February is Black History Month. This long-standing tradition evolved from the efforts of the Association for the Study of Negro Life and History (ASNLH) founded in 1915. This organization sponsored Negro History week in 1926. The fact that we celebrate Black History Month in the same month of Frederick Douglass’ and Abraham Lincoln’s birthdays is not a coincidence. By the late 1960s the week of recognition had evolved into a month of recognition and starting in 1976, beginning with President Gerald Ford, it has been recognized by every President since. For a fuller history on the significance of Black History Month and its origins, check out the article, “Historical Significance of Black History Month” in Black History Bulletin, Jan-Jun 2002, Vol. 65, Issue ½, p 39-41.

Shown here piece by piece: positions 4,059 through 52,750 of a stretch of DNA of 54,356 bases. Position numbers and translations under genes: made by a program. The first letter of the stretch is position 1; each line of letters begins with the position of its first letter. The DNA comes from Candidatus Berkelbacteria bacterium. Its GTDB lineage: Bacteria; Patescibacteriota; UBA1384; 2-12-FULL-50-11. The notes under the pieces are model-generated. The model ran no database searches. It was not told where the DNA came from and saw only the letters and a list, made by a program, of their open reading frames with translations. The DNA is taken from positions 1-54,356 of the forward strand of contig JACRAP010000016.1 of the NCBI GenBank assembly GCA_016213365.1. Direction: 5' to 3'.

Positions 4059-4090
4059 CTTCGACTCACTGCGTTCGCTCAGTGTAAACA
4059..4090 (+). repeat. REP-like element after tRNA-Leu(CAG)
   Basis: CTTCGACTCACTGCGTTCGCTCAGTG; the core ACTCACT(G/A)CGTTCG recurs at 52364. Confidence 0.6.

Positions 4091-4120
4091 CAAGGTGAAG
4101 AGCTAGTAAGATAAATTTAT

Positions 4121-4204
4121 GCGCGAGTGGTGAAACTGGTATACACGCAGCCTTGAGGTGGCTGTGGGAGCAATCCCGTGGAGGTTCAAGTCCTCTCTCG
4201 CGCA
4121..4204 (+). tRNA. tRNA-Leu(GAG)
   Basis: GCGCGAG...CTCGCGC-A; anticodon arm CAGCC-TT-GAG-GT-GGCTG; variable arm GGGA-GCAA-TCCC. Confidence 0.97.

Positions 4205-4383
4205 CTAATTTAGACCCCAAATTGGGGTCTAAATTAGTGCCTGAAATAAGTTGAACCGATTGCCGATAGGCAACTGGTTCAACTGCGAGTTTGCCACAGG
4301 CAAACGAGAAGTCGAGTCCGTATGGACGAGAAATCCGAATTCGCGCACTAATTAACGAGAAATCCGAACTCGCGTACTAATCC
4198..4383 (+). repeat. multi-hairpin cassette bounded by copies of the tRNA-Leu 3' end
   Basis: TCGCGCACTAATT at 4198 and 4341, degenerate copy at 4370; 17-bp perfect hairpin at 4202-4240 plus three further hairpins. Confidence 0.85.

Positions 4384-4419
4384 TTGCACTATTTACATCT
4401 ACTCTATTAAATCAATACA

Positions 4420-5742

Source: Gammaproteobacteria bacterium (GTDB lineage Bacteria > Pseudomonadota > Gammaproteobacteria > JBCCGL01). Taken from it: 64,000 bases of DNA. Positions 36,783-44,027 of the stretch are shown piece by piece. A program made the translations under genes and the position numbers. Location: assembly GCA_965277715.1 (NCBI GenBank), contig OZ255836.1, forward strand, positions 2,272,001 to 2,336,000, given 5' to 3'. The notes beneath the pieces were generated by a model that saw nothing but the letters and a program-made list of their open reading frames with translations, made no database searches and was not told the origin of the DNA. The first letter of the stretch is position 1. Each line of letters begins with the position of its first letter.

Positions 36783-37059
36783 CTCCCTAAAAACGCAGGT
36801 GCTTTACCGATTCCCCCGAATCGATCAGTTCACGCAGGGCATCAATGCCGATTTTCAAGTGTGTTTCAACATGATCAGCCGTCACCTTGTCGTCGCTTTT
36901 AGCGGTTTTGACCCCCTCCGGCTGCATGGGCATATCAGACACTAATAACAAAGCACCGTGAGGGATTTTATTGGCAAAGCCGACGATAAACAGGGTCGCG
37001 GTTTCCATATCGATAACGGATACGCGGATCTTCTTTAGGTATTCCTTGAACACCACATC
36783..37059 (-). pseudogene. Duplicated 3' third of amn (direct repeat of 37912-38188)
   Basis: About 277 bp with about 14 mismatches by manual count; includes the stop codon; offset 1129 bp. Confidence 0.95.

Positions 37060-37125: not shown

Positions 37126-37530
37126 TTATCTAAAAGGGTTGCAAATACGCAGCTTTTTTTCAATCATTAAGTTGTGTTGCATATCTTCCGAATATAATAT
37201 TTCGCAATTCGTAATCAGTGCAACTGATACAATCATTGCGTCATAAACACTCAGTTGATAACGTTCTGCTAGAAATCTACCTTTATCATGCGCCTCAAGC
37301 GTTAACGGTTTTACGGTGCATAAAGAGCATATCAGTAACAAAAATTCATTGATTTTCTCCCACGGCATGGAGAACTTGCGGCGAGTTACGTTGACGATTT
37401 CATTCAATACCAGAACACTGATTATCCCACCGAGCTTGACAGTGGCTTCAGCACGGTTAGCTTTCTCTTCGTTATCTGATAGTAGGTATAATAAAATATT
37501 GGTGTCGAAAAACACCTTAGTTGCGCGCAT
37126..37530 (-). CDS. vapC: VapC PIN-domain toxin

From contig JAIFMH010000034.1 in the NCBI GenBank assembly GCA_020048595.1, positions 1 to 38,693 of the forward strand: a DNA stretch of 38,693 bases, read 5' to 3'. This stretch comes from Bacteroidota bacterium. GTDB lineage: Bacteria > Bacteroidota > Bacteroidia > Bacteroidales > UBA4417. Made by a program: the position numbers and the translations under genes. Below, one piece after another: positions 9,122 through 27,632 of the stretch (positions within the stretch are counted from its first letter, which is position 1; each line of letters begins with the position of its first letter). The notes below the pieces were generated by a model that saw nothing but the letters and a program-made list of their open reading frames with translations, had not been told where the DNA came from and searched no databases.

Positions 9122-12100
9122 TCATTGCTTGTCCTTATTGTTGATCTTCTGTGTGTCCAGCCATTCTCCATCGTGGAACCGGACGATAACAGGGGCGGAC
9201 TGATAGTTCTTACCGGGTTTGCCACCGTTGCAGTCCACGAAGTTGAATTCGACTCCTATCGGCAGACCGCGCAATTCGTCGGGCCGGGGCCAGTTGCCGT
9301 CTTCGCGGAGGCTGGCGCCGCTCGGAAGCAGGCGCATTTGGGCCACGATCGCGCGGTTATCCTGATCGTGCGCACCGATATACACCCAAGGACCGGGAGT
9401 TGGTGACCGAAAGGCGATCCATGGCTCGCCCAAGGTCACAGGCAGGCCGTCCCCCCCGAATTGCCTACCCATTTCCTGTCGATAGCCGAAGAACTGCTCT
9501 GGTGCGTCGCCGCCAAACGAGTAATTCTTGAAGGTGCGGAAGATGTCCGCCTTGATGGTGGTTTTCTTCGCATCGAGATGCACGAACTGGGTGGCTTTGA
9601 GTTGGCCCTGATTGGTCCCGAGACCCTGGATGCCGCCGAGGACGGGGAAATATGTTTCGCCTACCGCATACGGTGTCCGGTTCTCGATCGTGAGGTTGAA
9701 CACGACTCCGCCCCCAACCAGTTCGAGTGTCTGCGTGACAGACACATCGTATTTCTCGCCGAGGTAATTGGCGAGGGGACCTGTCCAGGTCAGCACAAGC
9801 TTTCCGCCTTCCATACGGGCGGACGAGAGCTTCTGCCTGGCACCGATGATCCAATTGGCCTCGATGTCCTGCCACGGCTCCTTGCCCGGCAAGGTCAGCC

To help our community celebrate the achievements of African Americans, Brookens Library has a plethora of materials to choose from. Our African American Studies research guide: http://libguides.uis.edu/aas is a rich resource where you can locate documentaries, biographies, literature, history, and much more. Explore the videos in our database, Black Studies in Video and partake of the original words of many Black Americans through the database, Black Thought & Culture, filled with primary source materials.
Check out one of many DVD’s or streaming videos provided through Brookens Library that celebrate the achievements of African American Men & Women such as:
- The Edge of Each Other’s Battles The Vision of Audre Lorde
- Mountains That Take Wing: Angela Davis & Yuri Kochiyama
- Beah: A Black Woman Speaks
- Standing on My Sisters’ Shoulders
- Brother outsider the life of Bayard Rustin
- Tongues untied